B. Gates should be adequately lighted. They should be locked when not manned and periodically inspected by a roving guard force. Utility openings in a fence that do not serve as gates should be locked, guarded, or otherwise protected.

C. Intrusion detection devices may be desirable when the gate is used intermittently or when a higher level of protection is desired. Alternatives to detection devices include coded card keys, push button combination locks, and CCTV.

5. Protective Lighting. Protective lighting is a valuable and inexpensive deterrent to crime. It improves visibility for checking badges and people at entrances, inspecting vehicles, preventing illegal entry, and detecting intruders both outside and inside buildings and grounds. Locate protective lighting where it will illuminate shadowed areas and be directed at probable routes of intrusion. Also, overlap lighting to prevent dark areas. If justified, include emergency power for lighting.

6. Doors.

A. A door is a vulnerable point of the security of any building. A door should be installed so the hinges are on the inside to preclude removal of the screws or the use of chisels or cutting devices. Pins in exterior hinges should be welded, flanged, or otherwise secured, or hinge dowels should be used to preclude the door's removal. The door should be metal or solid wood. Remember that locks, doors, doorframes, and accessory builder's hardware are inseparable when evaluating barrier value. Do not put a sturdy lock on a weak door. The best door is of little value if there are exposed removable hinge pins, breakable vision panels, or other weaknesses that would allow entry. Transoms should be sealed permanently or locked from the inside with a sturdy sliding bolt lock or other similar device or equipped with bars or grills.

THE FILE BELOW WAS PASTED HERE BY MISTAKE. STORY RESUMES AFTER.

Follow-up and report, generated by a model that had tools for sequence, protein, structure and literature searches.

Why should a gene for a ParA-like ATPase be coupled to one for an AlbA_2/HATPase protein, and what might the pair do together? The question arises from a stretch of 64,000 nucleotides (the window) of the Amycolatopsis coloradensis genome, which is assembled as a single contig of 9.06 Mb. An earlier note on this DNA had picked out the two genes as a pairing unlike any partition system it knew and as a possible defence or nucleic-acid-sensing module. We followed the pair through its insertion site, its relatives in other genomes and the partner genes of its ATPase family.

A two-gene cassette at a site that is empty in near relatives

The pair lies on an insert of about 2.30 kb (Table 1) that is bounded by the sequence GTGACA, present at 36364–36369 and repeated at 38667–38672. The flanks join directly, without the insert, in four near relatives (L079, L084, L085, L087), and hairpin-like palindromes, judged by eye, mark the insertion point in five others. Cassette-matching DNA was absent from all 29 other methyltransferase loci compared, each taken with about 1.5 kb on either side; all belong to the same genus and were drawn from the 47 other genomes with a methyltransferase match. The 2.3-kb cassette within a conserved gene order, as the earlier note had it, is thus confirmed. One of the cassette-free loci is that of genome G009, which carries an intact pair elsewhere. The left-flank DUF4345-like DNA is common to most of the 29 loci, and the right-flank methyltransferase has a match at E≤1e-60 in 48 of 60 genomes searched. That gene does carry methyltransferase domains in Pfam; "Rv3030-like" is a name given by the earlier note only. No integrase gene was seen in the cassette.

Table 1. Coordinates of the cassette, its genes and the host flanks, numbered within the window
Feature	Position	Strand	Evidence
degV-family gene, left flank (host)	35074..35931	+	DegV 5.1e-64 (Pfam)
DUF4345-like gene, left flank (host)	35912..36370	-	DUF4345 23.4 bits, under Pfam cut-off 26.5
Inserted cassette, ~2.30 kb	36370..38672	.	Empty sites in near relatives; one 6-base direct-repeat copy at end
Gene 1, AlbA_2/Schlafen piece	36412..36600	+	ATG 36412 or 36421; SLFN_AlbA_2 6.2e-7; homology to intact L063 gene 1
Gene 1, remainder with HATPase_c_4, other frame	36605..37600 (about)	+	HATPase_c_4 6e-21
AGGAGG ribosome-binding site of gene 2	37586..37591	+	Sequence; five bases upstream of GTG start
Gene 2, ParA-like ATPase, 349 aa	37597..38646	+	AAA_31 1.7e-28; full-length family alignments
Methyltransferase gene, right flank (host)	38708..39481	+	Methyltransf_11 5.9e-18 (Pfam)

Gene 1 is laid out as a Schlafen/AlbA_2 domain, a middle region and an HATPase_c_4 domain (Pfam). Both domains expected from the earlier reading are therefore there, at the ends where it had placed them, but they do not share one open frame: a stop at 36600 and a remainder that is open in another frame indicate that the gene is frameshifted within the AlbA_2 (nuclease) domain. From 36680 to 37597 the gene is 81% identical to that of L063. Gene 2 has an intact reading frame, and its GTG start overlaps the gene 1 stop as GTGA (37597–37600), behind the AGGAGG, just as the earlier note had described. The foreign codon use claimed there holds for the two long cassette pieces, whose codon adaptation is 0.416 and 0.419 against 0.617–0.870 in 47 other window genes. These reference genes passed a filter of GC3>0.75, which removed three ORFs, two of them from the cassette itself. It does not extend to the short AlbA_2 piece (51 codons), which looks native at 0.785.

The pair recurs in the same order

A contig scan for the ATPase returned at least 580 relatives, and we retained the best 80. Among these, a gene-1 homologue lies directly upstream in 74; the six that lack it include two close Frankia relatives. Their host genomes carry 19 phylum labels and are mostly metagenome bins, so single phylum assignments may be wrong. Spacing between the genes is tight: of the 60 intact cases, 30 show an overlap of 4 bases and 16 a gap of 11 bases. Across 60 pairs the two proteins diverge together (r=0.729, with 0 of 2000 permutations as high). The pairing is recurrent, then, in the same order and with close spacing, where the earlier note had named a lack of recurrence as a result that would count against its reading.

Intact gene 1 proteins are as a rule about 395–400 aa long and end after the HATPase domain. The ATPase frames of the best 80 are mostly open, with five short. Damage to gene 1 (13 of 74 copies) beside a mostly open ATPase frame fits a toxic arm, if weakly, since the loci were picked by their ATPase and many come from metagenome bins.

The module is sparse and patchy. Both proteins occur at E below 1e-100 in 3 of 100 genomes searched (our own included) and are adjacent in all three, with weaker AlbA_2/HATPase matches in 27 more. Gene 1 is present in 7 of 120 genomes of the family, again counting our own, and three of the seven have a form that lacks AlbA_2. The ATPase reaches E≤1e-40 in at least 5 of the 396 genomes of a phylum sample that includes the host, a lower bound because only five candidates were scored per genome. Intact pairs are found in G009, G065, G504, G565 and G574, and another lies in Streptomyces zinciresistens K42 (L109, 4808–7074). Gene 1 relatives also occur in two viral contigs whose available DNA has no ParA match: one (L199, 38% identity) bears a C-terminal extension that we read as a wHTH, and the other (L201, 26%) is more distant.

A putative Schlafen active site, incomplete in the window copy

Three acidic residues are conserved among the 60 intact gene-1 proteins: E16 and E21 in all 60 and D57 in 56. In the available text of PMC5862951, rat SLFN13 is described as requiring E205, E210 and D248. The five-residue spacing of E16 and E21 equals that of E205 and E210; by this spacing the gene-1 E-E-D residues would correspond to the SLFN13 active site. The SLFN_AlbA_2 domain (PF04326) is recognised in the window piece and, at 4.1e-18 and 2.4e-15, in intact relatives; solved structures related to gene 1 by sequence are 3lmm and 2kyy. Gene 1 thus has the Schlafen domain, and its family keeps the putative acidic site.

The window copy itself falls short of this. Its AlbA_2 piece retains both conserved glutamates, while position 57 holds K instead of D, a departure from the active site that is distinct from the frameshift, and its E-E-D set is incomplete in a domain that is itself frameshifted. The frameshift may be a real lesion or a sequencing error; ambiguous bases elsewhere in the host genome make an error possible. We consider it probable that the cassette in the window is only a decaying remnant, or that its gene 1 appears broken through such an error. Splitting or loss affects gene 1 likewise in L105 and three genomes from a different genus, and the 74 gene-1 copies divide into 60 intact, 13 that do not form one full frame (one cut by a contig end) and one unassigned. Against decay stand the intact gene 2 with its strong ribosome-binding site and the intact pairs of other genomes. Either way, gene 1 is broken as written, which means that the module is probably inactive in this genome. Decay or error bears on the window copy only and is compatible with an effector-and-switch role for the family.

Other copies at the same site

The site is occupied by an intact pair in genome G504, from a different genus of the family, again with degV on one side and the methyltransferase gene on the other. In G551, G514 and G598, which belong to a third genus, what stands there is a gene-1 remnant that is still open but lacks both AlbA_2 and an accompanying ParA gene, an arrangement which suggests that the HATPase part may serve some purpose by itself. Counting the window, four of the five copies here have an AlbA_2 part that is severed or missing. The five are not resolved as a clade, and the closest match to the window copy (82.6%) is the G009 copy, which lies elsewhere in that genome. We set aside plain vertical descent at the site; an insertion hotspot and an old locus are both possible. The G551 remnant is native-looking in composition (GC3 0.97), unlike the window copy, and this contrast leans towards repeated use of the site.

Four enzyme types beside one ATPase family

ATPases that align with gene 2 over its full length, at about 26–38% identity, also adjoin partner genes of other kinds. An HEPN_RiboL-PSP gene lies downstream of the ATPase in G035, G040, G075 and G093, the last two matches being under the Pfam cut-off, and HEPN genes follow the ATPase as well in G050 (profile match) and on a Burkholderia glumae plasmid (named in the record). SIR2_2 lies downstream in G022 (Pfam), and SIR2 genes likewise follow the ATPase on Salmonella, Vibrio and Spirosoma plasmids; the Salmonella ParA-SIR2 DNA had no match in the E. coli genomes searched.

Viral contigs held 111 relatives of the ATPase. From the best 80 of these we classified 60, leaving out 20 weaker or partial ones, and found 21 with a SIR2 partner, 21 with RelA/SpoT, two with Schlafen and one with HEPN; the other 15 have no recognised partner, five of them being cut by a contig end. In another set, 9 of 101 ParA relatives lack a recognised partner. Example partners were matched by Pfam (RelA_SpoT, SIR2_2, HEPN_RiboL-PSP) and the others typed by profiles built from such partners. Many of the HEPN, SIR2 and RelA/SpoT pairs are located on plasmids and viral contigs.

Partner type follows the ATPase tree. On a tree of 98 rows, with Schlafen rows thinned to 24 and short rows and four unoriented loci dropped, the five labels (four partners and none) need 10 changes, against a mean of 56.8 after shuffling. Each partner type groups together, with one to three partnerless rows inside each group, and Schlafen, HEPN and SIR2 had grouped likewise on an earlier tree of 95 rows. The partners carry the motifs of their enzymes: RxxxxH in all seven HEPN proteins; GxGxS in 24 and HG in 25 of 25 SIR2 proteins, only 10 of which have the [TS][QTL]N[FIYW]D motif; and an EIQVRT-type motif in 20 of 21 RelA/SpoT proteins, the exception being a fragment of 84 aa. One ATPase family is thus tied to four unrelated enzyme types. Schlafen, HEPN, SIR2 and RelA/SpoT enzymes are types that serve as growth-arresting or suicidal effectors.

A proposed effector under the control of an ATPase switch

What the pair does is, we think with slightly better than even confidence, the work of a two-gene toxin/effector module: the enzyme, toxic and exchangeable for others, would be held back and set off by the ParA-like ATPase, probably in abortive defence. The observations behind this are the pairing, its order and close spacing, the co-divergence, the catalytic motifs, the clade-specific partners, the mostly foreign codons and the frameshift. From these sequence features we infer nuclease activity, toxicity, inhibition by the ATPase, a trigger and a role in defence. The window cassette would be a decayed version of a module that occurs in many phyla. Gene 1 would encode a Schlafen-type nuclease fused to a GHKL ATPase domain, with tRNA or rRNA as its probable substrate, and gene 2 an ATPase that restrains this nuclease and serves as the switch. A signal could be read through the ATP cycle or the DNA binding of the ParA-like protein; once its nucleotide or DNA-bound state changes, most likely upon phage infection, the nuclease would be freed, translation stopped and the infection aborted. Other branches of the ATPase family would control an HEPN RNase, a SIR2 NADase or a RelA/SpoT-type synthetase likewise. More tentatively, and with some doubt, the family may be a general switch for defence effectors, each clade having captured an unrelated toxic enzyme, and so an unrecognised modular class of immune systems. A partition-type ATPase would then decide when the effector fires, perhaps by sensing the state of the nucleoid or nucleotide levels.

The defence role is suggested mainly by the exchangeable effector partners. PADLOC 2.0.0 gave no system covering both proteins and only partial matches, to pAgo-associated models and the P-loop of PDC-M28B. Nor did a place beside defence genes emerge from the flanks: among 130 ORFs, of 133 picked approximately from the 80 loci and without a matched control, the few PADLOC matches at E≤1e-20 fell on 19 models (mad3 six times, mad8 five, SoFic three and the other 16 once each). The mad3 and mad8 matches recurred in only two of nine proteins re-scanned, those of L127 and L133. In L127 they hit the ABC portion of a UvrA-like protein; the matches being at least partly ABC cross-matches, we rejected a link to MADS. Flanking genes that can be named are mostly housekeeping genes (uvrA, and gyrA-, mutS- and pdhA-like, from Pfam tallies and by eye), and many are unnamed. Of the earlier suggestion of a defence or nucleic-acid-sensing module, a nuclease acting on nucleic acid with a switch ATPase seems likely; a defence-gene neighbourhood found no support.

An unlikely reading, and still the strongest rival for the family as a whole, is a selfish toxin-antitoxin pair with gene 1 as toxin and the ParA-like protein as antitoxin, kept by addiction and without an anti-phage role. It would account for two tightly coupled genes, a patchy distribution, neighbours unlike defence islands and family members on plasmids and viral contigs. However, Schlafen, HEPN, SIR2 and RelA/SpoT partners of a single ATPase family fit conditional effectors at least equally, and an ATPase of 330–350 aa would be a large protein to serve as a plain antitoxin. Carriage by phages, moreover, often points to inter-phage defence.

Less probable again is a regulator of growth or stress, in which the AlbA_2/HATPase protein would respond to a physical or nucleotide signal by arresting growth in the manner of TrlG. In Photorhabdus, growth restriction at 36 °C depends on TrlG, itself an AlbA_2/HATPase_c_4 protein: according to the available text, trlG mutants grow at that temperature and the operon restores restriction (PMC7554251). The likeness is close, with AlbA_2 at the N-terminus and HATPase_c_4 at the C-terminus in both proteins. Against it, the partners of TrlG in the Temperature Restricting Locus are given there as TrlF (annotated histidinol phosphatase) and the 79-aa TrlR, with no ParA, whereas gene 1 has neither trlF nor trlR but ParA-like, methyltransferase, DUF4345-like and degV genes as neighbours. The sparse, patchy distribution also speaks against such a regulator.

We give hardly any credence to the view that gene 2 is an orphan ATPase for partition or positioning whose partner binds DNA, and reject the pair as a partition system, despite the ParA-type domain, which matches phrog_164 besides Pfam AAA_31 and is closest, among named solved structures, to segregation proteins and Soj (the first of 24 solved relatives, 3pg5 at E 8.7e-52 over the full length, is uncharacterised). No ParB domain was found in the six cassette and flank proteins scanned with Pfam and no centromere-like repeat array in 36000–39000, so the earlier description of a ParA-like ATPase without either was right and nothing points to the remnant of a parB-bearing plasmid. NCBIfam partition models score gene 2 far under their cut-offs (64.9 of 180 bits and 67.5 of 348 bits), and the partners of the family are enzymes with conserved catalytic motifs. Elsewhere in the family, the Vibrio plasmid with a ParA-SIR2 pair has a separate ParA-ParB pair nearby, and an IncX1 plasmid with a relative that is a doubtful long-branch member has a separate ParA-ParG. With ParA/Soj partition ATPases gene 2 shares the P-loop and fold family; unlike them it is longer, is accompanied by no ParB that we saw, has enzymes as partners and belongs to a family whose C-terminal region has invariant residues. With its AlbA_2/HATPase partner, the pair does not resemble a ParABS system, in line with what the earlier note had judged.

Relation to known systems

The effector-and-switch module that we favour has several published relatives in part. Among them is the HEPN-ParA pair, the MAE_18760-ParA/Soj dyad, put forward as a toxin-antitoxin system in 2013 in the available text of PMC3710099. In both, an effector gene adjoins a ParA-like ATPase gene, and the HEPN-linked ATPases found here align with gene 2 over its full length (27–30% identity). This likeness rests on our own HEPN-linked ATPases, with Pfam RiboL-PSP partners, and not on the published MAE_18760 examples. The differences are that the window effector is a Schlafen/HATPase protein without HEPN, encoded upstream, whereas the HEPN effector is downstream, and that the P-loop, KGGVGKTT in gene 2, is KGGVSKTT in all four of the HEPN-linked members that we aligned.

B. Overhead roll doors not controlled or locked by electric power should be protected by slide bolts on the bottom bar. Chain link doors should be provided with an iron keeper and pin for securing the hand chain. The shaft on a crank operated door should be secured. A solid overhead, swinging, sliding, or accordion type garage door should be secured with a cylinder lock or padlock. Also, a metal slide bar, bolt, or crossbar should be provided on the inside. Metal accordion grate or grill-type doors should have a secured metal guide track at the top and bottom and be secured with a cylinder lock or padlock.

7. Windows.

A. Windows are another vulnerable point for gaining illegal access to a building. Windows should be secured on the inside using a lock, locking bolt, slide bar, or crossbar with a padlock. The window frame must be securely fastened to the building so that it cannot be pried loose. As with glass panels in a door, window glass can be broken or cut so the intruder can reach inside and release the lock.

B. Bars and steel grills can be used to protect a window. They should be at least one half inch in diameter, round, and spaced apart six inches on center. If a grill is used, the material should be number nine gauge two-inch square mesh. Outside hinges on a window should have non-removable pins. The hinge pins should be welded, flanged, or otherwise secured so they cannot be removed. Bars and grills must be securely fastened to the window frame so they cannot be pried loose.

8. Manholes, Grates, and Storm Drains. Many facilities have manholes and tunnels providing service entrance into buildings. Other manholes may provide entrance to tunnels containing pipes for heat, gas, water, and telephone. If a tunnel penetrates the interior of a building, the manhole cover should be secured. A chain or padlock can be used to secure a manhole. Steel grates and doors flush with the ground level may provide convenient access. These openings may be designed into the facility as they may provide light and ventilation to the basement levels. If the frame is properly secured, the grates or doors can be welded into place or they can be secured with a chain and padlock. Sewers or storm drains that might provide an entrance should be secured.